I don't see this happening. If it did, the businesses that slashed wages in half will fail. The competent will go somewhere else at the earliest opportunity, and the businesses they leave will have a hard time keeping a desirable group of customers (or any customers) if all the applicants are alien invaders with stolen social security numbers.


That would be nice to see things happen this way,
I dont know if it will though, cuz the market is in such shambles

Jojo


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18 Feb 2012, 10:29 pm

jojobean wrote:
http://www.rawstory.com/rs/2012/02/17/florida-bill-would-slash-minimum-wage-for-tipped-workers/

This is just mean spirited, and disgusting. Those in Fla need to be calling their state reps and telling them they can be replaced if they pass this. Even if you are not a tipped worker, you should do this for those who are.

Jojo


It is in cases like this that I argue that money-based positions are cleverly disguised slavery and servitude. If you aren't lucky enough to be the top wage earners, you spend the majority of your life just trying earn enough to eat food. =(

I worked at a minimum wage job and it is impossible to survive on just that. If they cut in half, PEOPLE ARE GOING TO DIE!! !



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20 Feb 2012, 2:06 pm

techn0teen wrote:
It is in cases like this that I argue that money-based positions are cleverly disguised slavery and servitude. If you aren't lucky enough to be the top wage earners, you spend the majority of your life just trying earn enough to eat food. =(

I worked at a minimum wage job and it is impossible to survive on just that. If they cut in half, PEOPLE ARE GOING TO DIE!! !


I'll go a bit farther.

Some people will die--primarily through malnutrition, or children dying through neglect while their parents are both out working three or four jobs to make ends meet.

But some people will survive--and they will survive as they always have: through crime. It is no coincidence that property crime goes up in lock step with barriers to access to a living income. Whether that is barriers to access for welfare or minimum wages that fail to meet the poverty line, when people are faced with a choice between rent and groceries, they will pay the rent and steal for groceries.

In many ways, a society will have as much property crime as it chooses.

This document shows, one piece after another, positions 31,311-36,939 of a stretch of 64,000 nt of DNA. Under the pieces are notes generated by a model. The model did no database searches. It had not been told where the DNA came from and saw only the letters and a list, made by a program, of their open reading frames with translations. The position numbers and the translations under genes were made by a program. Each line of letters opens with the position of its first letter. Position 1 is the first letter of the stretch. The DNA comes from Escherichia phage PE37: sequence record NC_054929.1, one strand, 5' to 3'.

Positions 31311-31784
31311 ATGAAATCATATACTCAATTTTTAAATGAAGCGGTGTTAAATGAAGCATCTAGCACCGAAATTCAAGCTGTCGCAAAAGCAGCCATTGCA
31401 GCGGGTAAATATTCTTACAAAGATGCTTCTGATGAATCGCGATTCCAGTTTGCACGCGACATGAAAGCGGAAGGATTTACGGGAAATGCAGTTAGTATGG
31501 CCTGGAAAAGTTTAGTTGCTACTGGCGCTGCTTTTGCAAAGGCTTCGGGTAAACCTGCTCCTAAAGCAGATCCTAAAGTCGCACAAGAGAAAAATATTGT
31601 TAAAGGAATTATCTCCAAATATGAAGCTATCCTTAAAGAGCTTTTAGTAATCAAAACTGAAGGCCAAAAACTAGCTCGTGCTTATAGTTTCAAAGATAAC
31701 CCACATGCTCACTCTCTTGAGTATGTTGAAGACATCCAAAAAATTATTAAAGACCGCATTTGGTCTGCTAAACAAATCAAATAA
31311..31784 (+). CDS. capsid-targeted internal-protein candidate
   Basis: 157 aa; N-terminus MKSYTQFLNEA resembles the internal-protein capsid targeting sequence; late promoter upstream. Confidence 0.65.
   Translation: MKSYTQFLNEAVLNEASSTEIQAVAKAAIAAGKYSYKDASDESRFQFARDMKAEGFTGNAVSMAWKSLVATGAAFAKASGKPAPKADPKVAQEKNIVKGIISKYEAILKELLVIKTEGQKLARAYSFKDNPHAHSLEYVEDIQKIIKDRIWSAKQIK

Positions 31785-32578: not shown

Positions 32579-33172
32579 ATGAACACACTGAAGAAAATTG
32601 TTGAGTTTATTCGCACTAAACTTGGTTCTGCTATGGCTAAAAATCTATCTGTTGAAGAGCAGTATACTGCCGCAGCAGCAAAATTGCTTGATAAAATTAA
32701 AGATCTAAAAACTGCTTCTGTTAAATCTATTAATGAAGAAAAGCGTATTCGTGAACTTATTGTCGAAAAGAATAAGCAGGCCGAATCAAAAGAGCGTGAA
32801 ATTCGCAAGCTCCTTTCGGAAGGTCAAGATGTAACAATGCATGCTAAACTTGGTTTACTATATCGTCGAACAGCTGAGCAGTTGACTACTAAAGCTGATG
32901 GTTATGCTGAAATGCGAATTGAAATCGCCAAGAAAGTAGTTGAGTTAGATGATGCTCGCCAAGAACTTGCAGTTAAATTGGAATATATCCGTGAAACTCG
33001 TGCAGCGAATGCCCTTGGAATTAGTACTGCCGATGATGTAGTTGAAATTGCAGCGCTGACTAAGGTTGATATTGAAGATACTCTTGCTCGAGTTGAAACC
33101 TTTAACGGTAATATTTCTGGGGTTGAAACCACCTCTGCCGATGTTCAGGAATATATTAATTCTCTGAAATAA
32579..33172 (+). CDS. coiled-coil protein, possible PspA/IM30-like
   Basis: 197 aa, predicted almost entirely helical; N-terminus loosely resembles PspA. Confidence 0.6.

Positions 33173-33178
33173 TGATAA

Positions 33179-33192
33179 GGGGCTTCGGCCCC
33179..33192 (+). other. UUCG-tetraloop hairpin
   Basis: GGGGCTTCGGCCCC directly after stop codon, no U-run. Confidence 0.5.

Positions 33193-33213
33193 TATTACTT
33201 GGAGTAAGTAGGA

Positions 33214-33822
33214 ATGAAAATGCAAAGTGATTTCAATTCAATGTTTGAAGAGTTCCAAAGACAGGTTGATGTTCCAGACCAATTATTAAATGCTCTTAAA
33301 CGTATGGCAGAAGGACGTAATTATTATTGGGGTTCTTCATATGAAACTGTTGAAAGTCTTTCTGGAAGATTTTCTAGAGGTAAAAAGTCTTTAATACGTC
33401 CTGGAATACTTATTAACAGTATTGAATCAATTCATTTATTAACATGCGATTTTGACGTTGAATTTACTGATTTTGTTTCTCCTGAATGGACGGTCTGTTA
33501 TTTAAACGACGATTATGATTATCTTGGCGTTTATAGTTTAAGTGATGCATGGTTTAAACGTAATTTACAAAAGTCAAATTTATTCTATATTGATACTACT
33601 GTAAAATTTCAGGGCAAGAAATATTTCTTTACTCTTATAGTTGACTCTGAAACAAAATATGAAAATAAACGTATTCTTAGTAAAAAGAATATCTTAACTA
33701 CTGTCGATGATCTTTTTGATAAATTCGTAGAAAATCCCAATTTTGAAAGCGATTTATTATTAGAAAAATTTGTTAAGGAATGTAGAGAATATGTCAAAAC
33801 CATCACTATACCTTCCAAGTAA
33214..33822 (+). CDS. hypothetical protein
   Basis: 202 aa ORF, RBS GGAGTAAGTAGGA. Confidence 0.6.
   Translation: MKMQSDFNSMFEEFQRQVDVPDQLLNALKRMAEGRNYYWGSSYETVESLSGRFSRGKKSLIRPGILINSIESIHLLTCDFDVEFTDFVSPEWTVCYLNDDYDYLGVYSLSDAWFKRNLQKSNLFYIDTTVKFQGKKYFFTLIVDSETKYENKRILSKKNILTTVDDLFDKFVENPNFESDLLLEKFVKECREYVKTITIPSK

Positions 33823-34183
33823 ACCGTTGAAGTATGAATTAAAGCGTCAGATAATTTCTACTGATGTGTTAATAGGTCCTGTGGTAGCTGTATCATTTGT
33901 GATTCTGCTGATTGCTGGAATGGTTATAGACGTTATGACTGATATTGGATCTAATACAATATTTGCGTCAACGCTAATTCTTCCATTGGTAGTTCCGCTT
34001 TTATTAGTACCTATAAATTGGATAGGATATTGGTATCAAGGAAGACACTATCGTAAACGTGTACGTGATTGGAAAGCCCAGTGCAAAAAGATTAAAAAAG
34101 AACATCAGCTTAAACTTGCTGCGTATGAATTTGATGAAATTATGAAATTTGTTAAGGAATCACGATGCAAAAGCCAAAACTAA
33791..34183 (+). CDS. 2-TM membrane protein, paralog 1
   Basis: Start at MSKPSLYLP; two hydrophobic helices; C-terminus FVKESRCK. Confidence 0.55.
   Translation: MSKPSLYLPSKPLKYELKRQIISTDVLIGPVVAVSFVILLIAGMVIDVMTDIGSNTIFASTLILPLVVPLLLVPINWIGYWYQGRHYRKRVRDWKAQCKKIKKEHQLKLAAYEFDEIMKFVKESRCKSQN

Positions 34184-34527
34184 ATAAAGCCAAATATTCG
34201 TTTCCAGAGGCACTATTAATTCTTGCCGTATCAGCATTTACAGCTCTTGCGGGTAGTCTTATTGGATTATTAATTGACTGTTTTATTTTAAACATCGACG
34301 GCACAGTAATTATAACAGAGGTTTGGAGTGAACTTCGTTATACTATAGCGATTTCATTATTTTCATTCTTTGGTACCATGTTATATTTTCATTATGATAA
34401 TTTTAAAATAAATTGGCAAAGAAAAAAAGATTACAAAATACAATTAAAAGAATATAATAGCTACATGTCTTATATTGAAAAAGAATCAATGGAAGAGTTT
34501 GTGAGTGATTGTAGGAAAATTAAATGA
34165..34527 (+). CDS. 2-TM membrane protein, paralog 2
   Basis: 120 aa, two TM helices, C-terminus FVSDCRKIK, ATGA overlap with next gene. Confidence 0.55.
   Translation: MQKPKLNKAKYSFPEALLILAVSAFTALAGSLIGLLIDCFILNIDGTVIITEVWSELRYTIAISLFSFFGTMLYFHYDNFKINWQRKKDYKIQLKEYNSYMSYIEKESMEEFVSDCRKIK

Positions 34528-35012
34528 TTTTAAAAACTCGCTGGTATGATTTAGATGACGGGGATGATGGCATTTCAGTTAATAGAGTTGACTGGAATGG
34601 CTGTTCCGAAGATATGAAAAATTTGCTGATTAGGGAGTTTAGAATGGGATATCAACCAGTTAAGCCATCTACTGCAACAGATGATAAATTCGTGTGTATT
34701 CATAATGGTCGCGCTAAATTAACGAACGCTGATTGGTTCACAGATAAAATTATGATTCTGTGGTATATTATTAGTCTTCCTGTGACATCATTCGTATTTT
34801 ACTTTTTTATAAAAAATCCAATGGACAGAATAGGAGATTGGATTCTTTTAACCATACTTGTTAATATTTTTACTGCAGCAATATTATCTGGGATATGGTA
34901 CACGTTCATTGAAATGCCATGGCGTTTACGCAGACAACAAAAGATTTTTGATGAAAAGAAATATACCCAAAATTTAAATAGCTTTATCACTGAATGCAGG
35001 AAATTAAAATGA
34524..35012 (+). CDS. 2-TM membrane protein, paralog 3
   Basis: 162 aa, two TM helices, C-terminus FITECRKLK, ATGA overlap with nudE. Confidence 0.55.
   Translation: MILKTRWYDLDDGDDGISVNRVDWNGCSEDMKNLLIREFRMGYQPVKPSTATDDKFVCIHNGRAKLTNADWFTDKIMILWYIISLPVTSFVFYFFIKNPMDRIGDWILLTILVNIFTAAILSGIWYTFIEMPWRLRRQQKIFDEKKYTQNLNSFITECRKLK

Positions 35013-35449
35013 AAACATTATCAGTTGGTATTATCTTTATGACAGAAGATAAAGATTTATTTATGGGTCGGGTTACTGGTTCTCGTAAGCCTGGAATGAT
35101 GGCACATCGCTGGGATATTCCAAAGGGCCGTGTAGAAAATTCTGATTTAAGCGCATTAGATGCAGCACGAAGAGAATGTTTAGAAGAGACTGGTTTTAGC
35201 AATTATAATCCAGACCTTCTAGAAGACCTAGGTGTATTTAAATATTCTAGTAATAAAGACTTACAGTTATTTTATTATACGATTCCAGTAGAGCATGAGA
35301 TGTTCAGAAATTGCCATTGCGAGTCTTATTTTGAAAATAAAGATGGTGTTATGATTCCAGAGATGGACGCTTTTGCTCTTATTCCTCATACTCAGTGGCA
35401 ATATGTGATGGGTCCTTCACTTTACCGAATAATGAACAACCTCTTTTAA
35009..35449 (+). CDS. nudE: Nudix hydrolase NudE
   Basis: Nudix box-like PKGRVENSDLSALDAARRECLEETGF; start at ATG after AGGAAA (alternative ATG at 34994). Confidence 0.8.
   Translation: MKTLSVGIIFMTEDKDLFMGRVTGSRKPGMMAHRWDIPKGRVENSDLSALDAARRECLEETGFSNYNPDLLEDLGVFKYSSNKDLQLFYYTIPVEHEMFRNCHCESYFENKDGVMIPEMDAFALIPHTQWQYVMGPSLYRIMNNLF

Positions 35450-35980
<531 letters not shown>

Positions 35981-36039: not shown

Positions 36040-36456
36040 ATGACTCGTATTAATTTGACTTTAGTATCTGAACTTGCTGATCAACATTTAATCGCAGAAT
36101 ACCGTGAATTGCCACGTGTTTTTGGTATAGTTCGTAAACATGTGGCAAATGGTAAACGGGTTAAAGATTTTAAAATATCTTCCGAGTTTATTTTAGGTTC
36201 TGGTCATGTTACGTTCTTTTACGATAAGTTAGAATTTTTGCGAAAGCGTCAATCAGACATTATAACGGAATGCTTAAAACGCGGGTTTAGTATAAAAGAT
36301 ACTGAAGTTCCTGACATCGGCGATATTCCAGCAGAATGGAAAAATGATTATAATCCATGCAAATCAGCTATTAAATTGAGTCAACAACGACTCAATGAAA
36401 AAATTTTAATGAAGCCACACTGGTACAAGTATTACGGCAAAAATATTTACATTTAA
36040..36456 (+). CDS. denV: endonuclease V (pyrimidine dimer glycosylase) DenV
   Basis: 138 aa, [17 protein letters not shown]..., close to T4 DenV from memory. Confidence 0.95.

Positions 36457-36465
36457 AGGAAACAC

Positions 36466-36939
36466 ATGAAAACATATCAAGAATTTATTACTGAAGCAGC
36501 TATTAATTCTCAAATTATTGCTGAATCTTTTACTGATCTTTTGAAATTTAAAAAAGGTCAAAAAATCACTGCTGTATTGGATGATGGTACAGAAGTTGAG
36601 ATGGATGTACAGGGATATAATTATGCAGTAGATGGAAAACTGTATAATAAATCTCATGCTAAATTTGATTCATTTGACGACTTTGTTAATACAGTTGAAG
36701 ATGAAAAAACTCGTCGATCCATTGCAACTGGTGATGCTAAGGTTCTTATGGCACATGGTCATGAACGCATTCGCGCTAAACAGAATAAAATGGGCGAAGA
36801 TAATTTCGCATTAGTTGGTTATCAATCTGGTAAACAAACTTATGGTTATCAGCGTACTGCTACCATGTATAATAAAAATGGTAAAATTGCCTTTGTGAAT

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20 Feb 2012, 7:06 pm

visagrunt wrote:
techn0teen wrote:
It is in cases like this that I argue that money-based positions are cleverly disguised slavery and servitude. If you aren't lucky enough to be the top wage earners, you spend the majority of your life just trying earn enough to eat food. =(

I worked at a minimum wage job and it is impossible to survive on just that. If they cut in half, PEOPLE ARE GOING TO DIE!! !


I'll go a bit farther.

Some people will die--primarily through malnutrition, or children dying through neglect while their parents are both out working three or four jobs to make ends meet.

But some people will survive--and they will survive as they always have: through crime. It is no coincidence that property crime goes up in lock step with barriers to access to a living income. Whether that is barriers to access for welfare or minimum wages that fail to meet the poverty line, when people are faced with a choice between rent and groceries, they will pay the rent and steal for groceries.

In many ways, a society will have as much property crime as it chooses.


This shouldn't be happening to supposedly one of the best countries in the world. It is shameful to see the whole world go on a downward slide. That cannot be helped. There are over seven billion people on this planet that want to live the same consumerist, unsustainable life style as wealthy nations. This planet is just too small to support that.

The problem with capitalism is that it is piss-poor at resource management and an unsustainable model. By the time the market should correct itself, it is too late. To think about it, I have not seen one civilization so far work toward self-sustainability of resources. Instead, when they realize they ran out of resources, they become warmongering and invade other peoples.



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21 Feb 2012, 2:12 am

The Minimum Wage in Australia is scaled between the age of 14 (when you can first legally work) and 21 when you get the full Adult Minimum Wage. Baring in mind that the AUD and USD are more or less at parity, a person under 16 years of age cannot be paid less than $5.71 per hour, while the Minimum Wage for any worker over 21 is $15.51 per hour.

You might argue that Australia does not have a culture of tipping, and that's true, but the more relevant question is: how is it that American businesses cannot survive paying a wage of more than $2.13 per hour for an adult worker while Australian businesses are able to pay $15.51? Competition demands that if a business does not make enough money it fails.